Fact:  Tutors should recommend the Digital SAT or the ACT based on what is best for the student, not for the tutor. 

The ACT has remained in roughly its current form for many years, and there is a wealth of preparation books and released tests available for students and tutors to use.  Since the Digital SAT represents a true revolution in test prep, the business models of many tutors may be at risk—they will no longer have the Question-and-Answer services available from College Board to create their curriculum.  Thus, many tutors may recommend that students steer clear of the Digital SAT.  While the ACT may be better for some students and the Digital SAT better for others, be wary of those who may recommend the ACT simply because it has been around for longer.  Many students will like the new format of the Digital SAT and should not be dissuaded from trying it simply because a switch to this test would be inconvenient for the tutor. 

If you need help preparing for the Digital SAT, we at BWS Education are ready to go with updated methods and materials to help you do your very best. We had the first publication about the Digital SAT to market in August of 2022, a comprehensive Digital PSAT book released in May of 2023, and an upcoming Digital SAT book coming out in August of 2023. All these books have questions and strategies fully aligned with the very latest information from College Board.  We have also compiled a wealth of free Digital SAT Resources for anyone to use.  When you prep with BWS, you will work with tutors who are at the very cutting edge of the transformation of the SAT.  We look forward to working with you. 

Devices for the Digital SAT

The College Board has recently updated the details about the devices requirements for the Digital SAT and Digital PSAT. The following types of computers/tablets are permitted:

–Windows laptop or tablet

–Mac laptop

–iPad

–School-managed Chromebook

I highly recommend that you purchase or borrow one of these devices before the actual test date for these two reasons:

  1. You can download the BlueBook App ahead of time and practice with it prior to the actual test. On test day, you will use the same application for the actual test.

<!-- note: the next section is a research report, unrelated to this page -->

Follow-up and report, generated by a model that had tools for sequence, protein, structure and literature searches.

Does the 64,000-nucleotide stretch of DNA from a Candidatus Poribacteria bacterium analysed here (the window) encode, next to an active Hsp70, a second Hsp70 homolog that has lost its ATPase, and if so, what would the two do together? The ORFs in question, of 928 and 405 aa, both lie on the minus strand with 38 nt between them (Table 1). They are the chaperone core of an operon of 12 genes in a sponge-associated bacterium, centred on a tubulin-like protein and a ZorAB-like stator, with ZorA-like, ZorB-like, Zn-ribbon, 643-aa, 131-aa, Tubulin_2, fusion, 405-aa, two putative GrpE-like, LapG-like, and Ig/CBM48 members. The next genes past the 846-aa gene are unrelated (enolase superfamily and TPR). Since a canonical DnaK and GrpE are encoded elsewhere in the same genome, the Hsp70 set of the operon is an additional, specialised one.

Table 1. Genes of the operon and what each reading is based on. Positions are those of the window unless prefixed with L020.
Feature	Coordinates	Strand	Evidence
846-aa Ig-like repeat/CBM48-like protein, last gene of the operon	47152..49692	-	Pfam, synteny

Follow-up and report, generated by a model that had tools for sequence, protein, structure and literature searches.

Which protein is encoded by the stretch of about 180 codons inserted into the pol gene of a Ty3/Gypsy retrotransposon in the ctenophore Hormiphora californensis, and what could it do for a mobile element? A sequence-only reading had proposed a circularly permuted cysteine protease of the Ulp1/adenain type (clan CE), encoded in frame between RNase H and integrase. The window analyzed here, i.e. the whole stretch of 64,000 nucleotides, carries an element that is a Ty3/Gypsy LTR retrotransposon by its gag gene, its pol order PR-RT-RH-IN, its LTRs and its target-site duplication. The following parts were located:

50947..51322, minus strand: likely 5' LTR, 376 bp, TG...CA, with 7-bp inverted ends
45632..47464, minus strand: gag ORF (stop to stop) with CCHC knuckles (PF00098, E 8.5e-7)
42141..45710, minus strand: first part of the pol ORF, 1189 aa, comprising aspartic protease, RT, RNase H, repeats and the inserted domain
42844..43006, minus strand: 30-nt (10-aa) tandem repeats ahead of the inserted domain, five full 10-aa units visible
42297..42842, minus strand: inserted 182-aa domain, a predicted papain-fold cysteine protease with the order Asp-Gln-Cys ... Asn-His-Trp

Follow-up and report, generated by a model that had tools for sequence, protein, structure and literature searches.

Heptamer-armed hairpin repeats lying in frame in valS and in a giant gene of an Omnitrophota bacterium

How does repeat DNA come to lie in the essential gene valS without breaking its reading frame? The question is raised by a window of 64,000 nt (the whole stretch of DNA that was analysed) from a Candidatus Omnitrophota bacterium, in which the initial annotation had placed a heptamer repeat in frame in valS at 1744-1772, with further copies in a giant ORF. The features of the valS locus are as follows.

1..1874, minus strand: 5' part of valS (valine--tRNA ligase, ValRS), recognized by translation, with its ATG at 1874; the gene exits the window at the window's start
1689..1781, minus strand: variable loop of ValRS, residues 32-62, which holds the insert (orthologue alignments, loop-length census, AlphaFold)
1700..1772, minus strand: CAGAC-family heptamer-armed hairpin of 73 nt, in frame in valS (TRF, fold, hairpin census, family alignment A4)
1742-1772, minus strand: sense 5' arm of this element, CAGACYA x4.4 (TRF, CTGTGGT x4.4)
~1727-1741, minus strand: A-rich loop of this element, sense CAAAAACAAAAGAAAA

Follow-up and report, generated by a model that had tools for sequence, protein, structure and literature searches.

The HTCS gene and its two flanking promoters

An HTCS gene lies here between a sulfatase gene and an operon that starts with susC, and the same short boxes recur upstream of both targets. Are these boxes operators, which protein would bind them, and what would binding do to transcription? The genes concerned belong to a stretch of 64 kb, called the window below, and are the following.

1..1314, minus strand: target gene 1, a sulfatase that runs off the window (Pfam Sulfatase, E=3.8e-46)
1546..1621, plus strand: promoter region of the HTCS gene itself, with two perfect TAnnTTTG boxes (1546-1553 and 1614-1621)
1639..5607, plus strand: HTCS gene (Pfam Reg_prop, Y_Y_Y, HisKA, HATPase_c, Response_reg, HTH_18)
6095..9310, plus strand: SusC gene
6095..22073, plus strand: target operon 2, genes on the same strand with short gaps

2. While the College Board will provide you with a device if you need it, you will have to apply for the device at least 30 days in advance to allow for shipping. You can make this request when you register for the Digital SAT. Even with this application, an adult reference (a school counselor or teacher) will need to fill out a questionnaire confirming you need the device. Given these obstacles to borrowing a device, you will be much better served by finding a device well in advance and practicing with it ahead of time.

Best of luck to those taking the first international Digital SAT on March 11th!

–Brian W. Stewart

Digital SAT Update

The College Board just released the test specifications for the new digital SAT. Here is the most important information about what is changing on both the SAT and PSAT as they switch to digital formats in 2023 and 2024. The most important change is that the SAT and PSAT will now be adaptive–the difficulty of the later sections will change based on the performance on the first sections.

Reading and Writing

  • The Reading and Writing sections will be combined–students will see both Reading and Writing questions on the same test section.
  • Each question will be on a single passage that ranges from 25-150 words.
  • There will be new genres of passages presented, along with the continuation of fiction, historical documents, science, and social science. Students will now have some poetry and drama selections.
  • There will be two Reading/Writing sections, each taking 32 minutes, each having 27 questions.

Math

  • The topics covered in the math will remain virtually identical to what is covered on the current SAT and PSAT.
  • There will still be multiple choice and student-produced response questions.
  • The math test will be broken up into two sections of 35 minutes, each having 22 questions.

Takeaways

The SAT and PSAT are largely staying the same. Even the evidence-based questions on the reading, which I though might go away on the digital format, will remain. The grammar and math concepts will overlap with what is currently tested. The new digital SAT and PSAT should be less intimidating to students–the time constraints are quite generous, and students will need to stay focused for just over two hours to complete the exam.

I would encourage you to check out the sample questions available from College Board to get a taste of what is to come.

Please visit our blog for further updates on the new digital SAT and PSAT.

–Brian Stewart